Shortly after his return, Einsiedel wrote to Herder, in his sententious and lofty way, the sarcasm ill concealing his necessities, to inform him that he had resolved to become a man of letters, even an academician in Berlin; "for I remember to have heard from La Grange, that he got fifteen hundred thalers as director of the mathematical class, and had nothing to do but to write a couple of treatises once a year, which he could despatch in a few days; and once a week or once a fortnight to meet with his colleagues, who read papers which he did not understand, indeed, but to which he did not listen. That was not so bad, and although I am not a man of letters, I do not doubt that I could immediately become one." Finally, these are the first letters of August von Einsiedel which have ever been published, and they may as well be the last; for we may not say of him as of some of those

silent shapes which flash out their lustrous beauty upon us from the dark backgrounds of our human history,—

̓Ανδρῶν δικαίων χρόνος σωτὴρ ἄριστος.


THE science of Comparative Philology, or Linguistics, as Mr. Marsh calls it, is a new one, and one of which the majority of educated men in this country have but a very vague idea. A tolerably clear notion of the European branches of the Aryan or Indo-European family of languages, a vague idea that these were all derived from the Sanskrit (which they were not), a somewhat shadowy conception of the boundary line between this family and the Semitic, and a faint recollection of having heard the word Turanian, this is about the sum and substance of what is generally known in our community by those who have not made linguistics their study. For this class the volume before us is designed.* Great skill is shown in presenting in a popular and comprehensible form so complicated and difficult a subject, and great practical knowledge of the wants of an Anglo-Saxon audience. The lecturer does not often wander off into impenetrable mazes of German erudition. As for the spelling, he does not seem to have made more changes than any scholar is bound to in these days. We do not see why we must spell Aryan and Chingis-Khán; but we know very well from experience that such changes are sure to be snapped up by the admiring world, and we may as well submit at once.

The treatise is partly theoretical, on language in general, and partly devoted to giving a view of the Aryan, Semitic, and Turanian families. This latter is admirably clear, succinct, and scholarly. A valuable table in the appendix contains a complete classified catalogue of the languages in these families.

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Of the theoretical discussions which are scattered through the book, we will give a brief sketch. Prof. Müller is a firm believer in the unity of the human race, a belief which necessarily carries with it that of the common origin of all languages. He chooses, however, to keep the two subjects separate, and is careful to do no more here than prove that all languages might have had a common origin, throwing then the burden of proof upon the other party. This common origin consisted in an indefinite number of monosyllabic roots, "phonetic types, produced by a power inherent in human nature," - by" an instinct of the mind, as irresistible as any other instinct," - and then reduced by "natural elimination" to the final type. An example of the prodigious fertility of the 'human mind in the production of these elements of speech is seen in the Arabic, which has 200 names for sword, 1,000 for lion, and 5,744 relating to the camel. The number of the phonetic types is theoretically infinite; practically, it is reduced to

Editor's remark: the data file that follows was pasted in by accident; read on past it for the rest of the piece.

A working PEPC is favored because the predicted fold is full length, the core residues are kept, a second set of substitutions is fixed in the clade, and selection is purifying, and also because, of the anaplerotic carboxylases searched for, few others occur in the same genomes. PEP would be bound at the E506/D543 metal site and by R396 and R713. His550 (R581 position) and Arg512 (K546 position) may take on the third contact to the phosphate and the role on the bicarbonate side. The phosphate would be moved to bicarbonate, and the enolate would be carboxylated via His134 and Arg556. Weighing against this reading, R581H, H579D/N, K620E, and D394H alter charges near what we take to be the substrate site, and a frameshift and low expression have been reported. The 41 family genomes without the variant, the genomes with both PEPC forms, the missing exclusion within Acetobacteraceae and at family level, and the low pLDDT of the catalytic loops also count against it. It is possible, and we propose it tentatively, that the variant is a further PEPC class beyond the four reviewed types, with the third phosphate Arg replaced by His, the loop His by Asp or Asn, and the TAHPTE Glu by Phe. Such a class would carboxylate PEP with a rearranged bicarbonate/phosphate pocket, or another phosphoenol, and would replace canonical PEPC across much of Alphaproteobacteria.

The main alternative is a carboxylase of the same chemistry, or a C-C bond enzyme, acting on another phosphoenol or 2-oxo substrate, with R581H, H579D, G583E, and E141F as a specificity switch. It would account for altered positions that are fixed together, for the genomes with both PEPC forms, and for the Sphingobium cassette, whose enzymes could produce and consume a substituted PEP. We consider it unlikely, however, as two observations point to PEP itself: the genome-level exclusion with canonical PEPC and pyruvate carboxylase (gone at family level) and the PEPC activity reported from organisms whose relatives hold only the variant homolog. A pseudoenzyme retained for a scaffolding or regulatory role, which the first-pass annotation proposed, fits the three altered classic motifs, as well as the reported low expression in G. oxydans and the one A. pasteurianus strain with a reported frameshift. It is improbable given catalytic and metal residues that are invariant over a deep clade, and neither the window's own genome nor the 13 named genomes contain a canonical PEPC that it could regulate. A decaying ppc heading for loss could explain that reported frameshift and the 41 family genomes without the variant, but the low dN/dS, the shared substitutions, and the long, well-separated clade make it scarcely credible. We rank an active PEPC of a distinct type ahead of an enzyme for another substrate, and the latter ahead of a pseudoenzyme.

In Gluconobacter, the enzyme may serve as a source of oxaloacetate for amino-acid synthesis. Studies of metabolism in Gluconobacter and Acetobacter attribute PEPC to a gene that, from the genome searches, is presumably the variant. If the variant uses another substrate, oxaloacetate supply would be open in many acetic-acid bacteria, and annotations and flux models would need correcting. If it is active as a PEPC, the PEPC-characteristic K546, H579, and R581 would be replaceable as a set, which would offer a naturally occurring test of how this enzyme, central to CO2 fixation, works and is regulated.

Lectures on the Science of Language, delivered at the Royal Institution of Great Britain, in April, May, and June, 1861. By MAX MÜLLER, M. A. New York: Charles Scribner.


four or five hundred. Thsee roots are of two classes. containing an idea, and demonstrative, pointing out and making definite. At first these roots were used simply and without change, and in this stage the Chinese has remained to this day. Then came in the law of Phonetic Decay; the demonstrative roots, appended to the predicative to mark various relations, underwent changes and corruptions, until their original form would no longer be recognized, the predicative root meanwhile remaining unchanged. This process is called agglutination, and this is the character of the Turanian languages. But in the Aryan and Semitic languages both roots have undergone phonetic decay, and roots are combined freely with each other by an amalgamating process. These three stages he calls Radical, Terminational, and Inflectional.

Through these three stages he thinks that all our most advanced languages have passed, and in proof of it points to the monosyllabic roots which are found in all the Aryan languages, and to the fact that almost all inflections can be shown to have arisen in just this way; as, for instance, the terminations of the French future, which are nothing but the present of avoir appended to the infinitive. Traces of agglutination also are found in Chinese, and of inflection in various Turanian dialects, showing a tendency to advance to a higher stage. The fact that all languages have not the same roots, he accounts for by a law which he calls Dialectical Regeneration; in the multitude of original roots different dialects made different selections, and here a stock of roots is preserved, to draw upon whenever there is need. It seems to us, however, that the influence of this upon modern Spanish and French must have been very slight; the Latin spoken in those countries must have been homogeneous, for the most part, like the English in America. Spanish, as we know, drew largely from the Moors, and French from the Teutonic tribes, - not from the dialects of Italy, of